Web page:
Thursday, May 26, 2011

Katarina Witt photo 03 2009 best new

Katarina Witt (born December 3, 1965) is a German figure skater and model. In Germany she was commonly called "Kati" in the past, but today her full name is used more often.

She won two Olympic gold medals for East Germany, first in the 1984 Sarajevo Olympics and the second in 1988 at the Calgary Olympics. She won the World Championships four times (in 1984, 1985, 1987, and 1988), and six consecutive European Championships (1983–1988). Her competitive record makes her one of the most successful figure skaters of all time.
1 Life and career
2 After competing
3 Results
4 See also
5 References
6 External linksKatarina Witt, 1982
Witt was born in Staaken in then East Germany, just outside of West Berlin, which is today part of Berlin. She went to school in Karl-Marx-Stadt (which today has reverted to its pre-war name of Chemnitz). There she attended a special school for athletically talented children named Kinder- und Jugendsportschule. She represented the club SC Karl-Marx-Stadt for the GDR (East Germany). Jutta Müller began coaching her in 1977.

In 1984, Witt was voted "GDR female athlete of the year" by the readers of the East German newspaper Junge Welt. She narrowly won the 1984 Olympic title over the favored contender, reigning World champion Rosalynn Sumners of the United States. Witt and Sumners held the top two spots heading into the Olympic free skate, which were worth 50% of the total score. Witt landed three triple jumps in her free skate program, and the judges left room for Sumners to win the event, but Sumners scaled back two of her jumps, and Witt won the long program by one tenth of a point on one judge's scorecard.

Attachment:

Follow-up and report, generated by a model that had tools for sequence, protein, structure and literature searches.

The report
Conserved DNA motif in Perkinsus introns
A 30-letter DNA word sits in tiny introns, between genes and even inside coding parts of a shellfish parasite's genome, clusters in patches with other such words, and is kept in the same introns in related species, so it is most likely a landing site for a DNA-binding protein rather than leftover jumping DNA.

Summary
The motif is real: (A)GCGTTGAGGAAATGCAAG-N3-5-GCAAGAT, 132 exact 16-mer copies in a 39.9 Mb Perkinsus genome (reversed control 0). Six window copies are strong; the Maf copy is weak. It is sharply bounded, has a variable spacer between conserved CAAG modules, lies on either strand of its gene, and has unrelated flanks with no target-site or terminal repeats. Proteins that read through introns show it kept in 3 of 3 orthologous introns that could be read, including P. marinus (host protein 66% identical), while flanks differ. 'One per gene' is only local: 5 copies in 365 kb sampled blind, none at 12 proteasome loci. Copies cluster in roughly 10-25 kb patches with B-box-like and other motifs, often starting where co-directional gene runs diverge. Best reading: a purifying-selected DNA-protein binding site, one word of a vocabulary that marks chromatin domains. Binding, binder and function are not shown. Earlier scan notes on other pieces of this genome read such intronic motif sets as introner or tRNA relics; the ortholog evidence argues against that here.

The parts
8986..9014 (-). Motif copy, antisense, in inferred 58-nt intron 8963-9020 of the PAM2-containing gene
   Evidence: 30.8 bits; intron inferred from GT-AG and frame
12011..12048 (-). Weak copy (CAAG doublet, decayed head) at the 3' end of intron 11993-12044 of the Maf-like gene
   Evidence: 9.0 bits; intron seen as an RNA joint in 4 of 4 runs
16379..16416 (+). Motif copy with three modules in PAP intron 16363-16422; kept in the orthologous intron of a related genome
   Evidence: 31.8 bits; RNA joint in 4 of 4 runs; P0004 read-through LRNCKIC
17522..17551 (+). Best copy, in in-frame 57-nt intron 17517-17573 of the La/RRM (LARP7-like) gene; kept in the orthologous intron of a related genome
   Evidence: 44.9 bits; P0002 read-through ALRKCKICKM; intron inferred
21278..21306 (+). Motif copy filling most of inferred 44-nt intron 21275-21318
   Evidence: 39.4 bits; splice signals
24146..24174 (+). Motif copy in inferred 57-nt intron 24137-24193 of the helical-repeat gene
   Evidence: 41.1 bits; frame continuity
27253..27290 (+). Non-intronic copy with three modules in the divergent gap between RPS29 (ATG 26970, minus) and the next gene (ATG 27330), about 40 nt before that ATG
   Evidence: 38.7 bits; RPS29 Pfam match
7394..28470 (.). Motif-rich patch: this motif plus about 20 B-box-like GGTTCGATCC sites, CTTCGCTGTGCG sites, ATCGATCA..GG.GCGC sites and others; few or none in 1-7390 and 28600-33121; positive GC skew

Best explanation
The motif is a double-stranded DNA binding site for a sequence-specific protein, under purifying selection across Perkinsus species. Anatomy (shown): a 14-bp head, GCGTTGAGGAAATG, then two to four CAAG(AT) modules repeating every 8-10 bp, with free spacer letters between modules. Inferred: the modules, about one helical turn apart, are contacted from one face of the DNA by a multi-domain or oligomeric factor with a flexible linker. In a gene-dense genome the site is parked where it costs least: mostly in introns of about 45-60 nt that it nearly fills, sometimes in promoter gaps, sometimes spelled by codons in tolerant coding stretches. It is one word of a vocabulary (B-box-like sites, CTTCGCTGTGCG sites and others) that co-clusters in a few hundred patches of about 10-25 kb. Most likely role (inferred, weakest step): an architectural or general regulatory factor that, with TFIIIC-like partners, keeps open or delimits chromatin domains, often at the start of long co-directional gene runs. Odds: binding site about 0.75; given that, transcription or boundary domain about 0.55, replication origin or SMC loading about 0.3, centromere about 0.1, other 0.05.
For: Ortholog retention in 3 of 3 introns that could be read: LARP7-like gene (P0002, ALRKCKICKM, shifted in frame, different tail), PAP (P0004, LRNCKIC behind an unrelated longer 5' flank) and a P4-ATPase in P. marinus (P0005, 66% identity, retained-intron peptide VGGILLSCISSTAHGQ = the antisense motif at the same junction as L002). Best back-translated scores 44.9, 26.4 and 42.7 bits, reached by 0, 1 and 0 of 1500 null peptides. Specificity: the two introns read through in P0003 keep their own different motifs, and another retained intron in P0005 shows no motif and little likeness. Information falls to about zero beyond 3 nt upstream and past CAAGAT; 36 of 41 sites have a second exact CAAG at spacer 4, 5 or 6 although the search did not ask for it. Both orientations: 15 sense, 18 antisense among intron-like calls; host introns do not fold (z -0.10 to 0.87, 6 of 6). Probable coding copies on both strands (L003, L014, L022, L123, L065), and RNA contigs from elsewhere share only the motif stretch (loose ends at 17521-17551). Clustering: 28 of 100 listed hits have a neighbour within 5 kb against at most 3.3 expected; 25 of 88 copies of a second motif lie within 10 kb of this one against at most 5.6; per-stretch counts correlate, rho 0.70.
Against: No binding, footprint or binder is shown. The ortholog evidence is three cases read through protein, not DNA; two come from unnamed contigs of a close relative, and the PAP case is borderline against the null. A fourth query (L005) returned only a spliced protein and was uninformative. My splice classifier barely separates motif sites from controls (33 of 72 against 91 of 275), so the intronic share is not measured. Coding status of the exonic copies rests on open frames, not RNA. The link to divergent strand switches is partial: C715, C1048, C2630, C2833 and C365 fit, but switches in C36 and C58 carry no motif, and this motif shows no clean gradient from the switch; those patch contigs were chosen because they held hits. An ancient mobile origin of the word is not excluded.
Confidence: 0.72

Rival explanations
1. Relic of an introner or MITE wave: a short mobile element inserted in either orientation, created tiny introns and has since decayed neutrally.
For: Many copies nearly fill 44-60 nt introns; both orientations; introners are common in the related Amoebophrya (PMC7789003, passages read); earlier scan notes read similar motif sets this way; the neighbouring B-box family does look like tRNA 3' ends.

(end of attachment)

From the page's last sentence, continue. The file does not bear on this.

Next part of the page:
In 1987, Witt recaptured the World Championship title, which she had lost the previous year to Debi Thomas. Witt only finished fifth in compulsory figures, which meant that Thomas could finish second in both the short and long programs and still retain the world title. However, a costly error by Thomas in the short program put the two skaters on a level playing field heading into the free skate. Witt skated the strongest long program of her career, landing five triple jumps, including a triple loop jump. Although Thomas also skated a strong long program, Witt was ranked first by the majority of the nine judges and thus reclaimed the world title.

In 1988, Witt won her sixth consecutive European Championship, equalling the achievement of Sonja Henie as the most successful Ladies Skater at the European Championships. While Witt's and Henie's number of European titles have been surpassed since by Irina Slutskaya, she retains the record of most consecutive European titles, sharing it with Henie.

Both Witt and Thomas were favored contenders in the 1988 Olympic Games. Their rivalry was known as the "Battle of the Carmens", as each woman had independently elected to skate her long program to music from Bizet's opera Carmen. They held the top two spots after the compulsory figures and the short program. Witt skated her long program well, but not spectacularly, landing four triple jumps and downgrading her planned triple loop jump to a double loop. This left room for Thomas to win the long program, but Thomas skated poorly, missing three of her planned five triple jumps. Canadian skater Elizabeth Manley won the long program, but Witt retained her Olympic title based on her overall scores (she had finished ahead of Manley in both the compulsory figures and the short program). Witt became only the second woman in figure skating history (after Sonja Henie) to defend her Olympic title. To honor her and her win in Calgary North Korea issued miniature sheets with three large pictures of Witt on
In 1988, Witt started a professional career, which was unusual for East German athletes. She spent three years on tour in the United States with Brian Boitano, also a gold medalist in figure skating. Their show "Witt and Boitano Skating" was so successful that for the first time in ten years, New York's Madison Square Garden was sold out for an ice show. Later she continued at Holiday on Ice in the United States and in Western Europe.
Katarina Witt at Geneva world championship (1986)
At the 1988 Calgary Olympics
Following the dissolution of East Germany, Ministerium für Staatssicherheit (Stasi) files were found to show that the secret police had worked hard to keep Witt from defecting by giving her cars, accommodations, and permitted travel
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